West Coast Region - Bay St. George District
Westward Voyage of the Woodlark
The following was originally written by Don Morris, in a column he wrote called Vignettes of the west.
Transcribed by Steve Gillis with permission granted by the Western Star
Westward voyage of the Woodlark
The "Woodlark" was described as being a "gun Vessel" of the Royal Navy and among her duties was to patrol the so-called French Shore of Newfoundland, primarily to check on the fishery engaged in by the English settlers and, also, under a treaty between England and France, by numerous French fishermen.
What follows are some excerpts from the 1873 report of the Woodlark’s skipper, J. A. F. Luttrel, of the vessels visit to the southwest and west coasts of Newfoundland. The master’s report didn’t deal exclusively with the fishery. Other matters of interest and concern were noted, as witnessed the following:
" At LaPoile, a very sad case of distress came to my notice under the following circumstances: Thomas Moore, a native of Hinten, St. Mary’s Dorsetshire, was living in a wretched hut near the anchorage at the N.E. Arm. He is entirely alone, nine miles from any human being. His age is between 60 and 70, quite a cripple and unable to work, and has to exist on a few fish he manages to catch with 25 shillings currency a quarter (of a year) allowed by the colonial government. He told me he was promised a passage home from the government both last fall and the year before, but he is still, and in great fear he may be passed over again this year. Should he be forgotten, I fear he will never survive the winter in his wretched state of poverty."
Captain Luttrel reported that the health of the people along the southwest coast appeared generally good, and he saw no cases of extreme poverty of that of the unfortunate man Moore.
The Woodlark then set sail for Sydney, NS, to take on coal and then she made her way back to western Newfoundland and anchored in St. George’s Bay.
Cod fishery bad
The skipper said the cod fishery in the bay had been very bad, but fair catches of herring and salmon had been taken. The report added: " Several complaints were here made to me of the salmon rivers being barred, which I have no doubt was true, although they were clear when I visited them. I therefore gave notice to the people complained of, viz.- John Memouf, M. Huland -–Parigi, Thomas Evans and J. Delaney, that if it occurred again (netting the rivers) they will be fined. For this purpose as also for the general maintenance of the peace, I swore in as special constable William Seaworth. He is of intelligence and he volunteered service and is very anxious to do all in his power to prevent barring rivers, in addition to his other duties. I had also some disputes about land which I easily settled satisfactorily by given my opinion as to who was right."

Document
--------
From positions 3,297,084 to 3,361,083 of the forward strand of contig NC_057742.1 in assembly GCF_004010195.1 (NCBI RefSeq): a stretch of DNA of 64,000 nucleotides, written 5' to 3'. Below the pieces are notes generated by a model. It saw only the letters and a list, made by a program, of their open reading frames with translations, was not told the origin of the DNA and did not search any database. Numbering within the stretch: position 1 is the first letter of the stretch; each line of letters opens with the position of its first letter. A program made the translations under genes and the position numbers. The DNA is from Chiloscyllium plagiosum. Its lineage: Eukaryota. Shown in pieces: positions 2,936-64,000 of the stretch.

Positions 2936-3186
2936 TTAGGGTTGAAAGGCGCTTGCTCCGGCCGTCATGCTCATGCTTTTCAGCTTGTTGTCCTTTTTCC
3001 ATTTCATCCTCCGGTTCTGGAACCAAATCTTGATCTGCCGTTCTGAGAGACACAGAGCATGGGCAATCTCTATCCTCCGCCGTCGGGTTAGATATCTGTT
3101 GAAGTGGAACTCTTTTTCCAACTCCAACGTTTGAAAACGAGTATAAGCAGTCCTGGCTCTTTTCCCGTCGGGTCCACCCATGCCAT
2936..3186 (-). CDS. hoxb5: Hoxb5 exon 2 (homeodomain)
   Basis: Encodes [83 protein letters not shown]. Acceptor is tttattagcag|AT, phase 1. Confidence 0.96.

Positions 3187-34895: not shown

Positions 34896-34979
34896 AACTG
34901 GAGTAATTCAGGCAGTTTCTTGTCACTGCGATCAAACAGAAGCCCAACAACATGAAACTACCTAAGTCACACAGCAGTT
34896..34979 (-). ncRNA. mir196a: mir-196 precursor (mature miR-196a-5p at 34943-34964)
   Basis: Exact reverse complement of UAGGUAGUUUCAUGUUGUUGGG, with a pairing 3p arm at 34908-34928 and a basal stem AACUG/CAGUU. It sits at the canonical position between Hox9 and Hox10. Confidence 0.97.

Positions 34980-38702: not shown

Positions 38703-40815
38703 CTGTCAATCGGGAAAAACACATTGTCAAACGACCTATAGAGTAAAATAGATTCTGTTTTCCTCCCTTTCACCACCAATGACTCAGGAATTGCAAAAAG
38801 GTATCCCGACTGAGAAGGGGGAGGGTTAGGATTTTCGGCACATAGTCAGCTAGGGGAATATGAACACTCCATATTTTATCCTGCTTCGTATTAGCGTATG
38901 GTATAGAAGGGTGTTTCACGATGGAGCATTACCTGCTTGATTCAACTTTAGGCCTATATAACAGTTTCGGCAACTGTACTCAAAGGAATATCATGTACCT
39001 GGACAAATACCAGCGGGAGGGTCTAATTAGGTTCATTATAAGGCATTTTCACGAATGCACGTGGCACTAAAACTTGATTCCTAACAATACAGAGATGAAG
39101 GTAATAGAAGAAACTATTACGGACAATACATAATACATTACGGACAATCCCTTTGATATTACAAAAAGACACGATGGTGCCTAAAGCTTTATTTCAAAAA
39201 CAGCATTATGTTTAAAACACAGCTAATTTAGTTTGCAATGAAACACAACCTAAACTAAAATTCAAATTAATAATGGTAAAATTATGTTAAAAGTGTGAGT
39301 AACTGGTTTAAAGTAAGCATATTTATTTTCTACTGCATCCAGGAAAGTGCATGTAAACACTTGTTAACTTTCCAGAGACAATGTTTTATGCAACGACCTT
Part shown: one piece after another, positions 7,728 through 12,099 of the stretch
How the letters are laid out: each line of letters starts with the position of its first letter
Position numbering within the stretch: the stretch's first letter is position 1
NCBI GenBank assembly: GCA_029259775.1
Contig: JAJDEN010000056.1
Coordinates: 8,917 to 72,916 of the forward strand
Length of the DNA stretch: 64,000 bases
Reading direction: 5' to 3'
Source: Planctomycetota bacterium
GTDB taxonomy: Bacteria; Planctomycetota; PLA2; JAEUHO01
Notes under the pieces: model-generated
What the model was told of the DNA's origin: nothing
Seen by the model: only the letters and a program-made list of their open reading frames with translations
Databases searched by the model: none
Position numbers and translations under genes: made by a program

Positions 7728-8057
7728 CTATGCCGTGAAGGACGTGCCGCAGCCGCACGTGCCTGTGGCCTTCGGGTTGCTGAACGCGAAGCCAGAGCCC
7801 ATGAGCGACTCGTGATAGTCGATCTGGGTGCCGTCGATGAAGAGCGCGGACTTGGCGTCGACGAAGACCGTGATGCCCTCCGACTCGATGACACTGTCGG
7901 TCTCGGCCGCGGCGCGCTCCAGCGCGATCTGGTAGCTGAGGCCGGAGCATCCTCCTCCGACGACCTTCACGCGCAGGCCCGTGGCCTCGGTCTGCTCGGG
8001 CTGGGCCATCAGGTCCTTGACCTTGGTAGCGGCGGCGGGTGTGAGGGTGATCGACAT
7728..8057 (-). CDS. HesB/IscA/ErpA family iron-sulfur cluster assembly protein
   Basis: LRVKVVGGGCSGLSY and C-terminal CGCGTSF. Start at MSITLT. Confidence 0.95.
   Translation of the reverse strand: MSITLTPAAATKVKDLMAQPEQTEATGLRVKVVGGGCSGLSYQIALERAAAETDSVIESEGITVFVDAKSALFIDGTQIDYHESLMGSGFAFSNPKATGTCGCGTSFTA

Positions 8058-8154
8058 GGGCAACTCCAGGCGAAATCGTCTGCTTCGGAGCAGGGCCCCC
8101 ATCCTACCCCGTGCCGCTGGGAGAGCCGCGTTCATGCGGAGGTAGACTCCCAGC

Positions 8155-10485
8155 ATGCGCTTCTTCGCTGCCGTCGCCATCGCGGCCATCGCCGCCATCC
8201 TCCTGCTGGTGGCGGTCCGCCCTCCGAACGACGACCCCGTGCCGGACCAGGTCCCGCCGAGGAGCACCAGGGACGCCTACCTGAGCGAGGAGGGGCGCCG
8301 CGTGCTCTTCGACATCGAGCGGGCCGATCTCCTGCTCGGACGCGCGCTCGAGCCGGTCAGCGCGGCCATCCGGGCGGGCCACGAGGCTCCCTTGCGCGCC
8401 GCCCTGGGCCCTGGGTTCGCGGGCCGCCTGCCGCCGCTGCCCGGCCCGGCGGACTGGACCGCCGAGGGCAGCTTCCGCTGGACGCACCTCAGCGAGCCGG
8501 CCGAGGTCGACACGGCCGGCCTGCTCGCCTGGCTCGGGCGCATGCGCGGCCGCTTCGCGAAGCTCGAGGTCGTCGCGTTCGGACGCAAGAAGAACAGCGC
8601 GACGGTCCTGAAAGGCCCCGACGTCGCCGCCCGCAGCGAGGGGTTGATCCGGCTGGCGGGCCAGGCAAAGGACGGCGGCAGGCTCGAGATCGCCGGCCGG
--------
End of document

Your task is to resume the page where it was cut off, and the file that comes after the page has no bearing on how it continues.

The Skylark next visited Red Island and Captain Luttrel reported that the fishery had been very bad and the inhabitants there then were all French… " The few English who use to reside there having left."
The skipper said that he was unable to visit Coal River because of dirty weather. He added: "But I ascertained that it is considered a fair salmon river and is said to abound in large trout, but I have been so disappointed of reports of other rivers that I am rather skeptical as to their produce."
He said Coal River was fished by a man named Michael Wheeler, but whether he barred the river with nets or not Luttrel was unable to say. But no doubt he did as most of the settlers did when they had a chance. Another man named Wheeler; John was said to bar a river in the South Arm of the Bay of Islands. The captain warned John that he would be dealt with according to the law if he was caught netting the salmon rivers.
In the Humber River the Woodlark anchored in Petipas Cove "just off a merchant of that name’s house."
Reported the vessels skipper: "It is a good anchorage, though small, in from 11 to nine fathoms. Cod fishing had been very bad, the herring fishery had not commenced and the salmon catches were fair. I visited all the rivers and found the nets properly placed, indeed barring the main river would be impossible on account of the strength of the current and depth of the water. The people seemed quiet and orderly, so I had nothing to do in a magisterial way. I also visited the sawmills worked by Messers Tupper and Co. of Halifax. They appeared to be flourishing and in a fair way of eventually paying. Very fine lumber is brought down the river to be worked up. This, together with working the mills, gives labor to many who would otherwise be badly off owing to the recent scarcity of fish."
The gun vessel Woodlark visited other areas and settlements of the northwest coast and in a later column I shall pick up on that voyage.
© 2001 Stephen Gillis and NL GenWeb